Cues not shown Cues shown Difference
Undergraduate computing and information science 0.17 (0.001)* 0.273 (0.000)* 0.103
Postgraduate information science 0.196 (0.054) 0.218 (0.052) 0.022
Undergraduate philosophy 0.132 (0.078) 0.294 (0.002)* 0.162
Overall 0.137 (0.000)* 0.284 (0.000)* 0.147

When disaggregated instead by prior knowledge level (a measure taken at the level of the question), it was apparent that the low knowledge condition was associated with a heavy reliance on the cues and that in their absence the low knowledge users failed to agree with the community as to the quality of the questions (Table 3, Table 4).

Table 3: Kendall's tau correlations between community votes and subject's credibility rating, by condition and prior knowledge level. Probabilities of zero correlations are shown in brackets.
Cues not shown Cues shown Difference
Low 0.087 (0.115) 0.28 (0.000)* 0.193
Med 0.198 (0.003)* 0.31 (0.000)* 0.112
High 0.248 (0.005)* 0.3 (0.000)* 0.052

The overall correlation between answerer's reputation and community votes was 0.498 (p<0.000) for all answers. All coefficients in the study are low, because of the importance of additional factors besides aggregate up-votes in answer ratings. This is also evidence that highly voted answers are not necessarily the highest objective quality (see fastest gun effect above). The difference between correlations with and without cue visibility, however, is felt to be indicative of its use as a credibility heuristic.

Table 4: Kendall's tau correlations between answerer's reputation and subject's credibility rating, by condition and prior knowledge level. Probabilities of zero correlations are shown in brackets.
Cues not shown Cues shown Difference
Low 0.076 (0.162) 0.182 (0.001)* 0.106
Medium -0.065 (0.309) 0.208 (0.003)* 0.273
High 0.204 (0.017)* 0.128 (0.057) -0.076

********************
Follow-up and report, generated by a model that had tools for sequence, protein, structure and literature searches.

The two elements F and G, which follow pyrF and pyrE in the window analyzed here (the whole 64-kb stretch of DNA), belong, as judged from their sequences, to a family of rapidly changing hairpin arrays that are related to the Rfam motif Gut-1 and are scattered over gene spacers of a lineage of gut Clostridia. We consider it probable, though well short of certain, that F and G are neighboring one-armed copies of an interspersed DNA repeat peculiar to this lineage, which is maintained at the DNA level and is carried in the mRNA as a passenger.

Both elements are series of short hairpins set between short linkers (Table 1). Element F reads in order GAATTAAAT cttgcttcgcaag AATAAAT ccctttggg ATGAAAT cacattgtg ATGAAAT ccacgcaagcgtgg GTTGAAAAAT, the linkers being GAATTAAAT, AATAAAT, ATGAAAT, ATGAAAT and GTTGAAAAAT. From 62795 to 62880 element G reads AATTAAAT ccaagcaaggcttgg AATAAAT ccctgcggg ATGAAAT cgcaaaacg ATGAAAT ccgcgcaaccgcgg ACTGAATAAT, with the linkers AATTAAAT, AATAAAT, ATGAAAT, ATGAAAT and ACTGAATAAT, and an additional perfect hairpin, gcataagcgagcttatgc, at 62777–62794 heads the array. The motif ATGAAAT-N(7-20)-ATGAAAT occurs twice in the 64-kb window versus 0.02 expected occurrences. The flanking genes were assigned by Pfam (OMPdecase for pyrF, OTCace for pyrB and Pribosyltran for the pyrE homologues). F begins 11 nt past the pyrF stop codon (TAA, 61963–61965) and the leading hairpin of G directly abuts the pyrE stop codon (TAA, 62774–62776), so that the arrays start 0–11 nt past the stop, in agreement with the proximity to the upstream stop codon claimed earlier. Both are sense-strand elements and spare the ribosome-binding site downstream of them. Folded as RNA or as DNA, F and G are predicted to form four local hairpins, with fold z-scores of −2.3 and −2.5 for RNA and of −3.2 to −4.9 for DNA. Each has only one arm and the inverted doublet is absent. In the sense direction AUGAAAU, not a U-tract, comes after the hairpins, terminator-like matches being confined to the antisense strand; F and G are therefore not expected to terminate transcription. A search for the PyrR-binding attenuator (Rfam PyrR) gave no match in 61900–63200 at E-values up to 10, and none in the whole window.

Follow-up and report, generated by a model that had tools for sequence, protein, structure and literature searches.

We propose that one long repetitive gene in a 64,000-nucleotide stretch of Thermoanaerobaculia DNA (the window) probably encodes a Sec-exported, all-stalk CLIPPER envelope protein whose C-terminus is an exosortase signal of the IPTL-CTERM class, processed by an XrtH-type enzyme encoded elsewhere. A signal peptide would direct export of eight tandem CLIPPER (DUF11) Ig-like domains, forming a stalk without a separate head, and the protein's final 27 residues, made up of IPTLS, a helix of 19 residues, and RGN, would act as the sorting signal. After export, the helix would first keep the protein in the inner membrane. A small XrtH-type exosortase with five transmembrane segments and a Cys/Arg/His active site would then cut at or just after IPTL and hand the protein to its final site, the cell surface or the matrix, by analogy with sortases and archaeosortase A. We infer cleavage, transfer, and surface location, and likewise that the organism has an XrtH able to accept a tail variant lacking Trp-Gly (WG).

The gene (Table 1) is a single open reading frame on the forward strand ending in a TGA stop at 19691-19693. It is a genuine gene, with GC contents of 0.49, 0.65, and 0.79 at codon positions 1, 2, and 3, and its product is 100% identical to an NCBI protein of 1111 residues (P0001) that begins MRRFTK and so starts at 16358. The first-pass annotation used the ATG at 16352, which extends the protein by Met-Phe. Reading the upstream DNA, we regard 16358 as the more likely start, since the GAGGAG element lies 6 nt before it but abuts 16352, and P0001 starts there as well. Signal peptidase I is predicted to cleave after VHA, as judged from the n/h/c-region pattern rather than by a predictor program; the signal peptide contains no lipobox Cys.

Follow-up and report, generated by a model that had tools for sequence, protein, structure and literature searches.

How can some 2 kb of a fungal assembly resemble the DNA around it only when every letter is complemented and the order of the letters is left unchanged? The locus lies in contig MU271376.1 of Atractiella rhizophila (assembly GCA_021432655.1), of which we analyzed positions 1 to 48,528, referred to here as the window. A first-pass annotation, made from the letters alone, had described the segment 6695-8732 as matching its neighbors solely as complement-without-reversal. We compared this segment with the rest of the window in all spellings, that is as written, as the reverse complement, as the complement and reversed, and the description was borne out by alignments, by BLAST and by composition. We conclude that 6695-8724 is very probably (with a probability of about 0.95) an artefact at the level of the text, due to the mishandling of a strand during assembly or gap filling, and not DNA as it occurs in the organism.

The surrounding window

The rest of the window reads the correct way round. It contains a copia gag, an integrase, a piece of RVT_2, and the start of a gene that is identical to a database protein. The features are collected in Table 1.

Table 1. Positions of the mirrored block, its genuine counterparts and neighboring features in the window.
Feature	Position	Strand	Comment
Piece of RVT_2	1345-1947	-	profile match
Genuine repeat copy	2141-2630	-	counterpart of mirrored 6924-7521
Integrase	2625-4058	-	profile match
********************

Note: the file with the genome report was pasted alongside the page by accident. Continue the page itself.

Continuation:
Further analysis of the behaviour of subjects under different knowledge conditions revealed that the availability of cues led to a significantly more confident credibility score being assigned on average only for the low knowledge condition. In the medium and low knowledge conditions, the credibility ratings did not appear to be significantly affected by cue availability.

bar chart of credibility ratings according to prior knowledge level
Figure 3: Mean credibility ratings according to prior knowledge level in the two experimental conditions (light grey = cues are shown)

Supporting rationale

The coding that was assigned to the qualitative comments is summarised in Tables 5, 6 and 7. These broadly related well to Kim and Oh's classification (Kim & Oh, 2009), though those authors only looked at reasons for choosing the best answer and not on reasons for low credibility. Nevertheless, codes tended to be bivalent, with the negation of the code applicable to low credibility answers (e.g., clear/unclear).

The most common type of comment was where the subject engaged with the subject of the answer and provided their own argument for or against it. As might be expected, these types of justifications featured more heavily in the Philosophy students than in the others (Table 8). The clarity, accuracy and completeness of answers accounted for a large number of additional comments. Where students had prior experience of a question topic, they tended to cite this as a reason for finding an answer convincing or otherwise.

Notably, explicit reference to the community score or answerer's reputation score was only noted in three cases, indicating that users were not consciously using this as a decisive criterion (or were reluctant to record as much!).